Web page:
Case For: Well, if All-Star voting was weighted towards the later games, Thaddeus Young would have a pretty airtight case for inclusion. Thad has been playing on a pretty inarguable All-Star level over his last five contests, as I already broke down earlier this week, making up for his slow-ish start to the season and then some. As currently stands, he's one of only six Eastern Conference forwards averaging 17.5 points and 7.5 rebounds a game, and of those six, only LeBron James has a higher FG% than Thad's 49.5%, and only LeBron and Atlanta's Paul Millsap have a better three-point percentage than Thad's 40.9%. Throw in a steal-and-a-half per game, and above-average team defense--a rarity on the Sixers for sure--and Thad's got a compelling resume, for sure.

Case Against: Well, those are all pretty good numbers that Thaddeus has on his resume, but none of them are really eye-catching or jaw-dropping enough to capture the attention of voters that probably haven't watched a ton of Thad this year, or really know the little things he does on a night-to-night basis to help the team win ballgames. And as with everyone else in this column, the fact that the team hasn't actually won a whole lot of ballgames hurts his case, especially as compares with someone like Millsap, part of an overachieving Atlanta team fighting for home-court advantage in the East.

Verdict: Thad probably falls just short, both in theory and reality. If you figure the East takes about five forwards, three of those slots would unquestionably be taken by LeBron, Indiana's Paul George and New York's Carmelo Anthony, and LeBron's frontcourt mate Chris Bosh and the previously mentioned Paul Millsap both have stronger cases for better teams than our Thad. An injury or a lack of acceptable centers could give Thaddeus a sliver of opportunity, but he'll probably have to wait for another year--maybe on a better team--before being given serious consideration.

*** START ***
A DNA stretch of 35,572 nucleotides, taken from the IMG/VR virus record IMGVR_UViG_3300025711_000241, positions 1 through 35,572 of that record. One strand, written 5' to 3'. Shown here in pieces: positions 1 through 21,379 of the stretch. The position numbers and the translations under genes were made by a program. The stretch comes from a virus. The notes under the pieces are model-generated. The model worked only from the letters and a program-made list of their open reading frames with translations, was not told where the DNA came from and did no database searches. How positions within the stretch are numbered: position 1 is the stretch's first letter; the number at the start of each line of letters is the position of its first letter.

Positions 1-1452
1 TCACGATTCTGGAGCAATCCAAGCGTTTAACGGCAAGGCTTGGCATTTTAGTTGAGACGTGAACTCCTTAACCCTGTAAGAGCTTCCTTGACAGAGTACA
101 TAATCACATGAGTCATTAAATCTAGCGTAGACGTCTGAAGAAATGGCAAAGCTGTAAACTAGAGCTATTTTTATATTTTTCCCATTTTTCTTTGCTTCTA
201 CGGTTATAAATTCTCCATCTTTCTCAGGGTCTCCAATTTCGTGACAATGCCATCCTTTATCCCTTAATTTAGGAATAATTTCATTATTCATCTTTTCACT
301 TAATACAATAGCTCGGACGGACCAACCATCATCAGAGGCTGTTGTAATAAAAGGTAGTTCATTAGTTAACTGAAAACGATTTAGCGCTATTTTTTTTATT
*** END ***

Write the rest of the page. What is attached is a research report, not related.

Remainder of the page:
Case For: Like ET, Spence is having easily the best offensive season of his career, a make-good campaign that finally validates his high draft selection seven summers ago and proves he does have a ceiling somewhere near where his boosters initially predicted. His 14.9 points per game rank him third among East centers--with both the players ahead of him, Atlanta's Al Horford and Brooklyn's Brook Lopez, being out for the season with injury--while his 8.9 rebounds and 3.2 assists per game rank him third and second among the same pool. Most impressively, Spence has by far the best three-point percentage of all centers with his 44%, which is actually tenth-best in the whole league, and his true shooting % of 59.4 is also best of East centers besides the injured Lopez.

Case Against: Well, again as with Evan, defense is kind of a problem. Spence does have the blocks to his credit--1.5 a game, among the best for Eastern centers--but his actual nightly team defense can be problematic, as you saw last night against the Nuggets, when his inability to move while defending the pick-and-roll resulted in a lot of open jumpers for the Denver guards and easy dump-off opportunities for their big men. When you're the defensive anchor for what has to be considered the league's worst defensive team, you tend to get a little of the blame for that.

Verdict: Well, it's going to be interesting. Spence definitely benefits here from playing in the crappy, injury-decimated East, where he a has a quasi-legitimate claim to being the second-best center in the conference this year, but given that neither the coaches or fans have to name even a single center to the East squad--the only requirement is six "frontcourt players," with two wild card players, none of whom are required to be a true pivot--it's entirely possible he gets left out anyway.

If the coaches do insist on having two centers for tradition's sake--because there certainly aren't any getting fan-voted in--they'll probably choose Indiana's Roy Hibbert, a true defensive anchor for the league's best D, and then they'll have their choice of Detroit's Andre Drummond, Chicago's Joakim Noah and Hawes. I'd say Hawes beats Noah thanks to his superior offensive numbers (and the perception that Spence is having a career year, while Noah has struggled to match his previous bests), but Drummond's insane rebounding numbers (12.4 a game in just 32.5 minutes) and insaner field-goal percentage (61.3%, best in the entire East) makes him a real threat to Spence's candidacy, despite Drummond also playing largely subpar defense on a struggling team.

I'd peg Spence as having about a 25% chance of making the squad at the moment, with a chance for that number to go up or down a bit depending on how both he and the team do in the next few weeks. Those aren't overwhelming odds for Spencer, but that's about infinity times better a chance than he's had in any season prior, so he should take it and like it just the same.